"The pressure of making happy childhood memories'
Someone asked me recently what my earliest memory was - the very first thing I ever remember happening.
It is a memory from when I was around 3 years old, and I only know I was that age because I remember being in the kitchen of the house we lived in at the time, which we moved from when I was 4. There were blue walls I think, and I was sitting at the table eating breakfast. The sun was coming in through the window and I can see my Mam at the kitchen sink, I remember she was wearing a long skirt and she's singing a song. I want to say it's 'You Are My Sunshine', but honestly, I'm not sure if it was that, or if I just think it was because that's what I sing to my two boys. Maybe that's why I started singing it to them? That bit has got mixed up in my mind but anyway, that's the memory.
And now that Rian is almost three, it dawned on me that any of these days might turn into his earliest first memory that will stick with him. So I suppose it's kind of like when you know there's a speed check up ahead, and you want to be on your best behaviour in case you get caught. What if his memory decides to pick the day I'm cross with him, or the very moment I crack under the pressure, lose my patience, and shout?! So I'm trying extra hard to keep it calm and channel my inner Mary Poppins (although, side note, I adore that film, but I'm not sure why we hold Mary Poppins in such high childcare esteem when you think what she actually did with those kids; jumped into paintings, entered them into a horse race without even a helmet in sight, floated to the ceiling in some random old man's house, managed to get them lost in the middle of London on their own chasing after a homeless woman feeding pigeons, dancing on roofs and leaping up and down chimneys, but who am I to judge?)
So it's kind of a big responsibility. Not just the first memory, but all the core memories. We're responsible for the childhood of two people - that's a serious responsibility. You don't really think of these things on a day to day basis, most of the time it's just getting dinners cooked and kids washed and hoping we all get a night of uninterrupted sleep and things like that. We make an effort do do things with them, things that involve investing time. Playing games with them, making things with them, involving them in the cooking and baking things, going for walks and all those sorts of activities, nothing unusual there.
As a full-time working mother, or as I prefer to say, an outside-the-home working mother, I'm plagued with constant guilt and always questioning myself about whether I should be leaving them. Missing little day to day things, the things that inevitably add up to big parts of who they are. It's not easy, but it's something I just have to deal with. So I ask myself, how can I make it work? How can I make sure that the memories they have that will stand out won't be of the days when I'm at work?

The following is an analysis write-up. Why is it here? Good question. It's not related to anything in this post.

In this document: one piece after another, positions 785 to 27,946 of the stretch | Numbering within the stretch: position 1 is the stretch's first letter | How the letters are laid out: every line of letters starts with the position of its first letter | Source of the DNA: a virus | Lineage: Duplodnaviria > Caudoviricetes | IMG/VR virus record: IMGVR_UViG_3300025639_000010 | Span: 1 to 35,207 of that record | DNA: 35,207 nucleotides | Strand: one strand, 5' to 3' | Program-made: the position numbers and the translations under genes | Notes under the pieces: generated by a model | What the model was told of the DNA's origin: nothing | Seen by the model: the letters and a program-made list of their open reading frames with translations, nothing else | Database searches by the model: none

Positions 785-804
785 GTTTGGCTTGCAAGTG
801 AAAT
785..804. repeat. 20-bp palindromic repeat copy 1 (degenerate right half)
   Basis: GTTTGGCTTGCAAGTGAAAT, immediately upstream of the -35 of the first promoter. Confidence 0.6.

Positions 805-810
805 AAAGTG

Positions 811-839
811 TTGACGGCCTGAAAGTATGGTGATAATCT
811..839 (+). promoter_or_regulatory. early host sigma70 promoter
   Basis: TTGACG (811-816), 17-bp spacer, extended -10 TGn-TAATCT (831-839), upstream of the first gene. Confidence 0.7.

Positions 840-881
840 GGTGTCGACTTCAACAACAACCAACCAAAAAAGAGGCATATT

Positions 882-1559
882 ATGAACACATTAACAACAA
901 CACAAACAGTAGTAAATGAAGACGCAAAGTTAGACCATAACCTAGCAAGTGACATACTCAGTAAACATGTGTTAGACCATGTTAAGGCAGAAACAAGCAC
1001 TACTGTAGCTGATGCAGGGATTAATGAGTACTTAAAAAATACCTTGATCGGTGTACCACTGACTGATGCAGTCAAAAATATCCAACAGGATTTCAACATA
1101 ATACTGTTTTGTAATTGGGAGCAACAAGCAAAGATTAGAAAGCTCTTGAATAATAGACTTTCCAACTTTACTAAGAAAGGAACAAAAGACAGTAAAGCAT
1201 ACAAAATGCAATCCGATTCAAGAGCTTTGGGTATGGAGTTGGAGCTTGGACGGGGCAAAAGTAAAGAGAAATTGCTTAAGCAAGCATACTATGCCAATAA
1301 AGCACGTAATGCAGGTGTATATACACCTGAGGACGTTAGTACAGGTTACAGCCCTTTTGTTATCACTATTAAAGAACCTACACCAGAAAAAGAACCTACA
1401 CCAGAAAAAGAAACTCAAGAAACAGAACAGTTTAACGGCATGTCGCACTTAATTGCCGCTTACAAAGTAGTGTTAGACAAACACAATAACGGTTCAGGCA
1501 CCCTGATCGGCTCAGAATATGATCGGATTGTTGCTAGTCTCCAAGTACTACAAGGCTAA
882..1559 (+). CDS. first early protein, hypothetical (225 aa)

All I can come up with is to make sure that the time we do have together is full of fun and happy things. Of course, there'll be the day to day things, but I want them to grow up and remember things like us all baking something together. Or reading books together, or painting pictures. Going for walks to hunt for the Gruffalo (in our house, this seems to be the most fun an almost three-year-old can have!) The more I think about it, the more I realise that I'm no different in wanting these things just because I leave the house to go to work. Does every mother have the same guilt regardless of whether they work outside or if they stay at home and work there every day? Probably. We all just want those core memories to light up yellow (ever since I saw Inside Out this is how I picture it!), and stay stored in a cosy little corner of their minds and hearts forever.
And some days, I know it's working. Recently my heart almost exploded when I saw Rian playing with 'Sniffy', his favourite can't-sleep-without-him soft toy. Sniffy got flung to the other side of the room, presumably trying to fly, but he landed kind of awkwardly. Rian went over, picked him up and asked, 'You ok Sniffy?' Then tucked him into his neck as if Sniffy was a tiny baby, stood there and sang to him 'You Are My Sunshine'...
I get it wrong a lot of the time, I know I do. But when these little moments appear that show me that sometimes I'm also getting it right, at least getting it the way I've chosen, well, there's just nothing better. Maybe it is possible to work away from the home and not see them all day every day, and still create those all-important core pieces of comfort, happiness, security, home...love.